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Volume 39 Issue 9 • July 2-8, 2009
now in our 39th season

Tanks & Fireworks: Bugs of Summer

by Dr. Sarah D. Oktay
Managing Director UMass Boston Nantucket Field Station

With the 4th of July upon us, my thoughts turn to creatures that epitomize the sights and sounds of summer, such as the June bug and the firefly.  Almost anywhere in the U.S., you'll encounter these bugs on your doorstep or flickering in the night sky.  Most of us have caught one or the other in glass mayonnaise jars.  One in every four species of animal on the planet is a beetle.  The group comprises about 40 percent of known insect species, with the most diversity of any animals on earth.

June bugs, also called May or June beetles, are scarab beetles in the genus Phyllophaga.  There are over 200 species in North America.  These red-brown beetles commonly appear in the Northern Hemisphere on warm spring evenings and are attracted to lights.  Heavy-bodied, they are 0.5 – 1 in. (1.2 – 2.5 cm) long and have shiny wing covers.  Dead giveaway features include spiny legs that stick to everything including your screen door and your hair, and a very clumsy method of “flying.”  The adults emerge as early as late April in southern states and much later (June-July) as you travel further north into Canada. June beetles are classified in the phylum Arthropoda, (jointed feet), class Insecta (6 legged), order Coleoptera (beetles/sheafed wings), family Scarabaeidae (Scarab beetles), and subfamily Melolonthinae (chafer beetles).  My pick of the week for super cool websites that show tons of photos of these guys is http://bugguide.net/ which is hosted by Iowa State University Department of Entomology.  To add to the confusion, in some parts of the country, a “June bug” is actually a green June beetle with a much more triangular shape (Cotinus nitida).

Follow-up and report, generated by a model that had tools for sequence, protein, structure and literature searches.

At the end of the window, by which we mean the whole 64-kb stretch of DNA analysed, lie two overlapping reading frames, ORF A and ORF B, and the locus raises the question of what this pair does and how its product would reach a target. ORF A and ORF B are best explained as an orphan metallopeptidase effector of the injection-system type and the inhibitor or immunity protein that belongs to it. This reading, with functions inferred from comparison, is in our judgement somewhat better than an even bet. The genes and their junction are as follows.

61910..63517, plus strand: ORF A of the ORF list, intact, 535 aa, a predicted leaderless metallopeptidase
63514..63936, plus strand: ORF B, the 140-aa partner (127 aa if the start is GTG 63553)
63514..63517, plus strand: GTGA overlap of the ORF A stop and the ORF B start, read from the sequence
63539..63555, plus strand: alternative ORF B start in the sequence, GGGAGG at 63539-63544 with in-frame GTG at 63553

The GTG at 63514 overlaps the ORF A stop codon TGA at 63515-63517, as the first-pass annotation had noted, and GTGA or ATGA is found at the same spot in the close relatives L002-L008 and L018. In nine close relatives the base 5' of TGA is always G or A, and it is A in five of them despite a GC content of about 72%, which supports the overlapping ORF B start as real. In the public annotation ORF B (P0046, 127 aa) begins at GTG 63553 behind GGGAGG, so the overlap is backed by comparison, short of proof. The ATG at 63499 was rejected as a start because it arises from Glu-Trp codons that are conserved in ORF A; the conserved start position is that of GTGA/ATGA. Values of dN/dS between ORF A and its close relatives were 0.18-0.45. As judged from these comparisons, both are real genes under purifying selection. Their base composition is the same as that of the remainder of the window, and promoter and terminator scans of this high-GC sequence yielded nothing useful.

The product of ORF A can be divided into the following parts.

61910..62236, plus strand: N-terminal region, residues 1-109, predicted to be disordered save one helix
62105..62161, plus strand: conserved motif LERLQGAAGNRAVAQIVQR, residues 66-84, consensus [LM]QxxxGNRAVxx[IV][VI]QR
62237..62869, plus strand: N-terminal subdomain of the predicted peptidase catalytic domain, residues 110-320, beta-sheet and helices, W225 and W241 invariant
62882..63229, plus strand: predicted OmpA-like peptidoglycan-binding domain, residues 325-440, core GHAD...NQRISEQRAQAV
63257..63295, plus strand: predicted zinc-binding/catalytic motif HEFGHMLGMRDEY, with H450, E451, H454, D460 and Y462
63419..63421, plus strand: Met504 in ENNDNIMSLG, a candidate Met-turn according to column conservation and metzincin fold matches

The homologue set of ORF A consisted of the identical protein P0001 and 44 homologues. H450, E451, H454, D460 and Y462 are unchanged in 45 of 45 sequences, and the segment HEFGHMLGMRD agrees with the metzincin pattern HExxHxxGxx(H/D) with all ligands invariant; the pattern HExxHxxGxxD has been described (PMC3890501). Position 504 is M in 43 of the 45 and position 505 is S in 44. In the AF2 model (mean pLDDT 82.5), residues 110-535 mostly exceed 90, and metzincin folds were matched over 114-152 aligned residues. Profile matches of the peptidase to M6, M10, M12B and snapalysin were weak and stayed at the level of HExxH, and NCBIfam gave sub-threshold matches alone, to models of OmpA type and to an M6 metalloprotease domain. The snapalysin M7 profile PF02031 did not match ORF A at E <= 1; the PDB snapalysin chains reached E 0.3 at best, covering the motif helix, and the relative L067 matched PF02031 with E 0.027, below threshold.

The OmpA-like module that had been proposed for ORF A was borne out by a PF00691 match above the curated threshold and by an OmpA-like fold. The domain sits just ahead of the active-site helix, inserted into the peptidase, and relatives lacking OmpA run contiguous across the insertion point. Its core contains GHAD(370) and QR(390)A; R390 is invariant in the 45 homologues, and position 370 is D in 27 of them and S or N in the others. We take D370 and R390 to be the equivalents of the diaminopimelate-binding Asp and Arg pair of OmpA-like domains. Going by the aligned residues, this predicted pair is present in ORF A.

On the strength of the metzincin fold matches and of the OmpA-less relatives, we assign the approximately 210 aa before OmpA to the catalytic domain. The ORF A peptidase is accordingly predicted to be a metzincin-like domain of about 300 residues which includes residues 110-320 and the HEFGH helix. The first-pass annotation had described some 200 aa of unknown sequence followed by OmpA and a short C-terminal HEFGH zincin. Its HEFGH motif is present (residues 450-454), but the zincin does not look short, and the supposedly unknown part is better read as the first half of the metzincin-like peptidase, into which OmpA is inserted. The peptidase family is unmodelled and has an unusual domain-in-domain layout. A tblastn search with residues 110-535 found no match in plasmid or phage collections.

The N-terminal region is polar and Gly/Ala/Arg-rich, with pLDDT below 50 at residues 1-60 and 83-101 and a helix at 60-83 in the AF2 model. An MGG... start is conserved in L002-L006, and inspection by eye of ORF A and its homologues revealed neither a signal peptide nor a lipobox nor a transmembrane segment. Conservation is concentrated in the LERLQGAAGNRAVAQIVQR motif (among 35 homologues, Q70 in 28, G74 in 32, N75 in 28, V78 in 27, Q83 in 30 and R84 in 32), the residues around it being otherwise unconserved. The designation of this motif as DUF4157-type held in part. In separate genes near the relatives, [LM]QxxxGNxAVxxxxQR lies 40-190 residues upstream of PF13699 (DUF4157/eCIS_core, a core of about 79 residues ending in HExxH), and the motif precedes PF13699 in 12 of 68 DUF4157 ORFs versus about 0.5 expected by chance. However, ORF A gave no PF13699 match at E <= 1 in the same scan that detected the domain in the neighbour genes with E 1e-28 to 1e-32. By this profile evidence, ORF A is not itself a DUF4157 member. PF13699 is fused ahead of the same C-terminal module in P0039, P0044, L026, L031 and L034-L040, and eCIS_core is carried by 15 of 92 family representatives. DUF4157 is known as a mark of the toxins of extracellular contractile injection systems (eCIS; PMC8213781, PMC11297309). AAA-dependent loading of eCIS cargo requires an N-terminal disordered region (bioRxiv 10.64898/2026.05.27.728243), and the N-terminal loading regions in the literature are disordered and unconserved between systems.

Steven Katovich, USDA Forest Service, Bugwood.org" allowable educational use

June Bugs live up to their genus name of Phyllophaga, which comes from the Greek words phyllon, which means "leaf," and phagos, which means "eater."  The adults are called chafers for their leaf munching skills because they gnaw the leaves and flowers of many deciduous trees, shrubs and other plants.  June bug larvae are white grubs (reaching 40-45 mm long when full grown) that live in the soil and feed on plant roots, especially those of grasses and cereals, and are occasional pests in pastures, nurseries, gardens, and golf courses.  Evidence of white grubs munching on grasses shows up as poorly growing patches that quickly turn brown in dry weather.  The grubs can be found immediately below the surface, usually lying in a characteristic comma-like position.  Just a few species are responsible for most of the turf damage encountered in lawns and most control methods do more damage to beneficial insects than to the target bug.